Mr WINGARD ( Mitchell ) ( 16:02 :59 ): I also rise today to support the Residential Tenancies (Domestic Violence Protections) Amendment Bill. This bill is intended to provide further protections to victims of domestic violence in the tenancy sector to terminate a residential tenancy or rooming house agreement where the South Australian Civil and Administrative Tribunal (SACAT) is satisfied domestic abuse has occurred, or there is an intervention order in force against a person residing at the premises.
Presently, a tenant or landlord may apply to SACAT to terminate a residential tenancy based on hardship; however, SACAT's powers are limited in cases where the tenant is a co-tenant with the person being violent towards them. Co-tenants are jointly liable. Thus, SACAT cannot terminate a residential tenancy unless the other tenant joins the application and indicates no opposition to it, or SACAT is satisfied that the other tenant has abandoned the residential tenancy.
In situations of domestic violence, this generally results in the victim being required to pay for damage caused to property by the perpetrator, either out of the bond or as compensation, or, in some cases, both. Under the bill, it is proposed that a tenant will be able to apply to SACAT to terminate a residential tenancy based on domestic abuse in specified circumstances (e.g., with a SAPOL report or a domestic violence service provider making the claims).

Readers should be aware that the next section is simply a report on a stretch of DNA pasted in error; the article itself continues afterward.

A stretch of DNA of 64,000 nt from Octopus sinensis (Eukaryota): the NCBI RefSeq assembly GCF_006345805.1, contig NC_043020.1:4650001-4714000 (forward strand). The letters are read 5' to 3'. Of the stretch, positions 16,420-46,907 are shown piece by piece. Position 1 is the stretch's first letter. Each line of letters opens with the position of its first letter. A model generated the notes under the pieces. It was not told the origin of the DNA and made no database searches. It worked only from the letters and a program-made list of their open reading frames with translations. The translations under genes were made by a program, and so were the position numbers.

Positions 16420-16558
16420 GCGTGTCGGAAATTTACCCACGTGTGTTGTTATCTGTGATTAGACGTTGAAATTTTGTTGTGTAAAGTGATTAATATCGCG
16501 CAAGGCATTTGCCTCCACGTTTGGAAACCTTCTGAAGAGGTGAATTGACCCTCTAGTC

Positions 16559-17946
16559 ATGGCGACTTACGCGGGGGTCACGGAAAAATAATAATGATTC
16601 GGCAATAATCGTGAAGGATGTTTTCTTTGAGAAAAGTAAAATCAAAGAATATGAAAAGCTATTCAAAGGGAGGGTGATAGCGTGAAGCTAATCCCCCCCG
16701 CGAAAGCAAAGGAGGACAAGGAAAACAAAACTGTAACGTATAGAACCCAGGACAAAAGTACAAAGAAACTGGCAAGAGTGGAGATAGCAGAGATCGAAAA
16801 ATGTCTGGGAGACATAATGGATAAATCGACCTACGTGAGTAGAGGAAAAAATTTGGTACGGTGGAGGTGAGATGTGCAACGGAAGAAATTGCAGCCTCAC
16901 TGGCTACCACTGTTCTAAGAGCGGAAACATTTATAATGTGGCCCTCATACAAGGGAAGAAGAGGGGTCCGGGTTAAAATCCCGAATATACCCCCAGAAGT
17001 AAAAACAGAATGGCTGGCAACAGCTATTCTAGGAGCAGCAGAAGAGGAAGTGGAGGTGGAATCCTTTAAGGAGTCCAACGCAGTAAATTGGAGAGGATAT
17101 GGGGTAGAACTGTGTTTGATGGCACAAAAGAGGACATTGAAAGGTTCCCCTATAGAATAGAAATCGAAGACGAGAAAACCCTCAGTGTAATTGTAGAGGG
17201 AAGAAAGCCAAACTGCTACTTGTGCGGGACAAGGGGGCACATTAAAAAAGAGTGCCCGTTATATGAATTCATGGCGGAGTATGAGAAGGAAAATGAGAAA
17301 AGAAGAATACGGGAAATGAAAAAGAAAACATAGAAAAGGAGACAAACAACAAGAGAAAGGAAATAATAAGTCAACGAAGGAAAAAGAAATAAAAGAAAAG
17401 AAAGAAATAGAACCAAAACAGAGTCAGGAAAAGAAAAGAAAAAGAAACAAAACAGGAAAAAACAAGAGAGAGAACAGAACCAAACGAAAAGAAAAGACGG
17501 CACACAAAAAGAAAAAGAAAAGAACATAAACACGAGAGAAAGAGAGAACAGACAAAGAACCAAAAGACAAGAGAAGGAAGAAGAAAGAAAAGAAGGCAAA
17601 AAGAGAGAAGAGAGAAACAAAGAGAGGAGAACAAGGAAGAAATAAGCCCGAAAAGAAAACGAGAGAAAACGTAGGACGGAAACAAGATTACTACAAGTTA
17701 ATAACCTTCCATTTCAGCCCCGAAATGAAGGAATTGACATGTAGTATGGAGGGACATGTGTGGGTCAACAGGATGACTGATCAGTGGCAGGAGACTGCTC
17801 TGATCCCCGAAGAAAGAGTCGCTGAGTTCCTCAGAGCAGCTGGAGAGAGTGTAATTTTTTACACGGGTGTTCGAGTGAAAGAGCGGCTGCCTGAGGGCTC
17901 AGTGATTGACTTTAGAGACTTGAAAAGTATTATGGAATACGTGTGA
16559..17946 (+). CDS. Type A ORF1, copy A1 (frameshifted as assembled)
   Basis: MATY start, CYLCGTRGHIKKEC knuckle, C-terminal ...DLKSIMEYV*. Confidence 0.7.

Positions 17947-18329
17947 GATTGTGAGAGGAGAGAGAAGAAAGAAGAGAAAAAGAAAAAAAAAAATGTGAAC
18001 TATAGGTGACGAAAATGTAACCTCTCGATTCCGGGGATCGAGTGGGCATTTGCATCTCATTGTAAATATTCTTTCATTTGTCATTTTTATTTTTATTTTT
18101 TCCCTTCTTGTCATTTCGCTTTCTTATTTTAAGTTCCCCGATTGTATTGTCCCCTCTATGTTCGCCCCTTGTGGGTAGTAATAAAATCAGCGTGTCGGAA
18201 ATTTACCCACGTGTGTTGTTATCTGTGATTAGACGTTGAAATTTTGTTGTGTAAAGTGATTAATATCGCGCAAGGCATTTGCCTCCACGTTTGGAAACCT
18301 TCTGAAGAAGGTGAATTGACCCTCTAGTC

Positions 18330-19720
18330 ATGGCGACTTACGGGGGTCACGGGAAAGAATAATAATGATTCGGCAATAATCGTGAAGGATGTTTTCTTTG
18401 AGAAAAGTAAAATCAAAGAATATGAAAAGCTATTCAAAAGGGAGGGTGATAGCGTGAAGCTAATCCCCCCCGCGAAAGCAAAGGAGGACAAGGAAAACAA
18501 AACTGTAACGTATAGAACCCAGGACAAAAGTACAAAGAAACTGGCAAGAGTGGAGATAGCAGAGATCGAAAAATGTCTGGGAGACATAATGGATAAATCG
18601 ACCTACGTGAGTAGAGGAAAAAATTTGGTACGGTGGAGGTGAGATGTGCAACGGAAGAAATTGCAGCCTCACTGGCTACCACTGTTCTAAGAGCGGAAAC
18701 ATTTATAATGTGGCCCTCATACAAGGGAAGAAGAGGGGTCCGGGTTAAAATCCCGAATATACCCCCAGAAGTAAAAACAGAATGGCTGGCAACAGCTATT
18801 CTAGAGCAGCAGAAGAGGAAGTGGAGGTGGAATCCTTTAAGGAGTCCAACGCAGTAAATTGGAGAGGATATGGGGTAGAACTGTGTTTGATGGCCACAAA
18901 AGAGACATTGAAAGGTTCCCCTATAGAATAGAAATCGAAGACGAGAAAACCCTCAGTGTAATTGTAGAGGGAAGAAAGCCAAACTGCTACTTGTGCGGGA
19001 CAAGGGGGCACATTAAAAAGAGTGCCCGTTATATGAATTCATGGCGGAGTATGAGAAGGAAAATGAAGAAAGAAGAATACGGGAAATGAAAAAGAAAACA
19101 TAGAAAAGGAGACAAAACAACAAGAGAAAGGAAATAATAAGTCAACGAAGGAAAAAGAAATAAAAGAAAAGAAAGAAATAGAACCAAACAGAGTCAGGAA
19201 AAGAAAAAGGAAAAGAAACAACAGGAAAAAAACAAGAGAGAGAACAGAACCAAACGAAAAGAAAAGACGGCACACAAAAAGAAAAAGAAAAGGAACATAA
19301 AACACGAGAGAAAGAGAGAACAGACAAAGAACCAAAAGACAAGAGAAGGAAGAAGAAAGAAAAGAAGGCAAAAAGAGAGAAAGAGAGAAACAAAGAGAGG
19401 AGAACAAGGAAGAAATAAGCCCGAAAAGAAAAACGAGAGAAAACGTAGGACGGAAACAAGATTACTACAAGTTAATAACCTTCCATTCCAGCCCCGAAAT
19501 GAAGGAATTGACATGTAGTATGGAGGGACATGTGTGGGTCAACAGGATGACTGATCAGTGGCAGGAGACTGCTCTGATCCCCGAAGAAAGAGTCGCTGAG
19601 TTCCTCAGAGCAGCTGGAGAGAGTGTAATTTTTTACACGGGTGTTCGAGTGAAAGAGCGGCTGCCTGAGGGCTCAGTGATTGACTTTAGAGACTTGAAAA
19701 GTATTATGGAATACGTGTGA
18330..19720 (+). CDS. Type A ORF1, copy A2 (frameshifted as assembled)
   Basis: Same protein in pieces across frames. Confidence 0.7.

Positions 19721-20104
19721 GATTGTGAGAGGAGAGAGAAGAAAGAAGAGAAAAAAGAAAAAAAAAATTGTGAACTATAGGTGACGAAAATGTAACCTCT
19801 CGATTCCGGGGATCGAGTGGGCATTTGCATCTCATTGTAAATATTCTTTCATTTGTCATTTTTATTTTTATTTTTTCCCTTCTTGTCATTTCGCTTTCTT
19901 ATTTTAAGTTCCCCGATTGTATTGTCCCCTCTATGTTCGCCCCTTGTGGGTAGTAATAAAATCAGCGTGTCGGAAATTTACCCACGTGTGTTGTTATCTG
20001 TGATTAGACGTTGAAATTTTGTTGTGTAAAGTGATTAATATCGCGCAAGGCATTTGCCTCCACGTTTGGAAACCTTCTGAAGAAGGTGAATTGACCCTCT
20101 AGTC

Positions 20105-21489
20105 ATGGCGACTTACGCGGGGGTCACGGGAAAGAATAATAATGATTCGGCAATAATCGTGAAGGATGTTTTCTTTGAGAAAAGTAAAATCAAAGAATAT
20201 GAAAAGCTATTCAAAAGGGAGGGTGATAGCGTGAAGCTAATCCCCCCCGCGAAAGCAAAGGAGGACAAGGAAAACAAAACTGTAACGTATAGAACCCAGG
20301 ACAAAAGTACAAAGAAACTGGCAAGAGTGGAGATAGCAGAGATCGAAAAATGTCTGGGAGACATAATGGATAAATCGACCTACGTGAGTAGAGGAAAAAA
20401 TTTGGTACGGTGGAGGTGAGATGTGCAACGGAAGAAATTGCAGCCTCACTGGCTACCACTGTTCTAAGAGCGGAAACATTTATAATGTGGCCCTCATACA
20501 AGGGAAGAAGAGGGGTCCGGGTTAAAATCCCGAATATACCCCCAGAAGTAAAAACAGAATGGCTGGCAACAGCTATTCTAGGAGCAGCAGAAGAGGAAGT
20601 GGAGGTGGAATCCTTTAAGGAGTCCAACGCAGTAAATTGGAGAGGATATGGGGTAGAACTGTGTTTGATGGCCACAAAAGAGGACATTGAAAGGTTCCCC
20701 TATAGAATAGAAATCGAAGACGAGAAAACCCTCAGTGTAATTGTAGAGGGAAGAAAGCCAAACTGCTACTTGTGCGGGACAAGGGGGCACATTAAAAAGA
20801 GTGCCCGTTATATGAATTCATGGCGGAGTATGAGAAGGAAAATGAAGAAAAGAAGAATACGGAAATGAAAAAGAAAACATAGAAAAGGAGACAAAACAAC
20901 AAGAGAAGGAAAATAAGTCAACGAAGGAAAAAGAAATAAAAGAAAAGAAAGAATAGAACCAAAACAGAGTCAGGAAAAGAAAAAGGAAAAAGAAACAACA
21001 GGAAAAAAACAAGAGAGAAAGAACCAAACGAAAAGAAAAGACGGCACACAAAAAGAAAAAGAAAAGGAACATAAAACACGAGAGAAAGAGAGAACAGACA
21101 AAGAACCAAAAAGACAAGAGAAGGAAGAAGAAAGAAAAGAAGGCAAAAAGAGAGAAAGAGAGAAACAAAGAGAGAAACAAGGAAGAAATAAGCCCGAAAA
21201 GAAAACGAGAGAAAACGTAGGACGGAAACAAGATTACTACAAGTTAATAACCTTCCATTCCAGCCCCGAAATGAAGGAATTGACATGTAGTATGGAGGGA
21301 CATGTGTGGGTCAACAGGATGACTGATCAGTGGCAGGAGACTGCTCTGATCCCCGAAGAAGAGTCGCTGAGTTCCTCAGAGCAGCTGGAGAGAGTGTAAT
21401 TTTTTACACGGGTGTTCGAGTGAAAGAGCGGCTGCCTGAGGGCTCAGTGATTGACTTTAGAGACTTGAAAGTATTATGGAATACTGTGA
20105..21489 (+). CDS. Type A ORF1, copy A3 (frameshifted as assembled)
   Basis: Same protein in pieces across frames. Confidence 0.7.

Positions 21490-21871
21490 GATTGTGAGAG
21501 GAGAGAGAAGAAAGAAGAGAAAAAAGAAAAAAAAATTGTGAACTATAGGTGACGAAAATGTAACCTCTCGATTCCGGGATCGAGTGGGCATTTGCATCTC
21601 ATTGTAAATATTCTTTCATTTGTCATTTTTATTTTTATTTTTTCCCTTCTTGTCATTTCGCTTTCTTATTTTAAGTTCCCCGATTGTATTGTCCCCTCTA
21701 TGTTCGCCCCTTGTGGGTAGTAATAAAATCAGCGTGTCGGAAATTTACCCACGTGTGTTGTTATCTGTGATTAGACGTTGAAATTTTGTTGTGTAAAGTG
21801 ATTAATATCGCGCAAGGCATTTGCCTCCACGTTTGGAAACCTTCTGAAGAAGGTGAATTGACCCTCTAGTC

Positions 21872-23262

SACAT will have power to make an order terminating the residential tenancy and substitute a new tenancy agreement. SACAT will also have power to make an order that one of the co-tenants must pay compensation to the landlord. The government says that SACAT's powers in relation to the bond are designed to:
…provide a balance between the victim's interest in the bond, if any, and the landlord's right to compensation out of the bond.
So, we can see that there are a lot of positives to come out of this bill, hence we do support it. Of course, there is always concern for a landlord's rights as well, but the government has assured us that that will be looked after.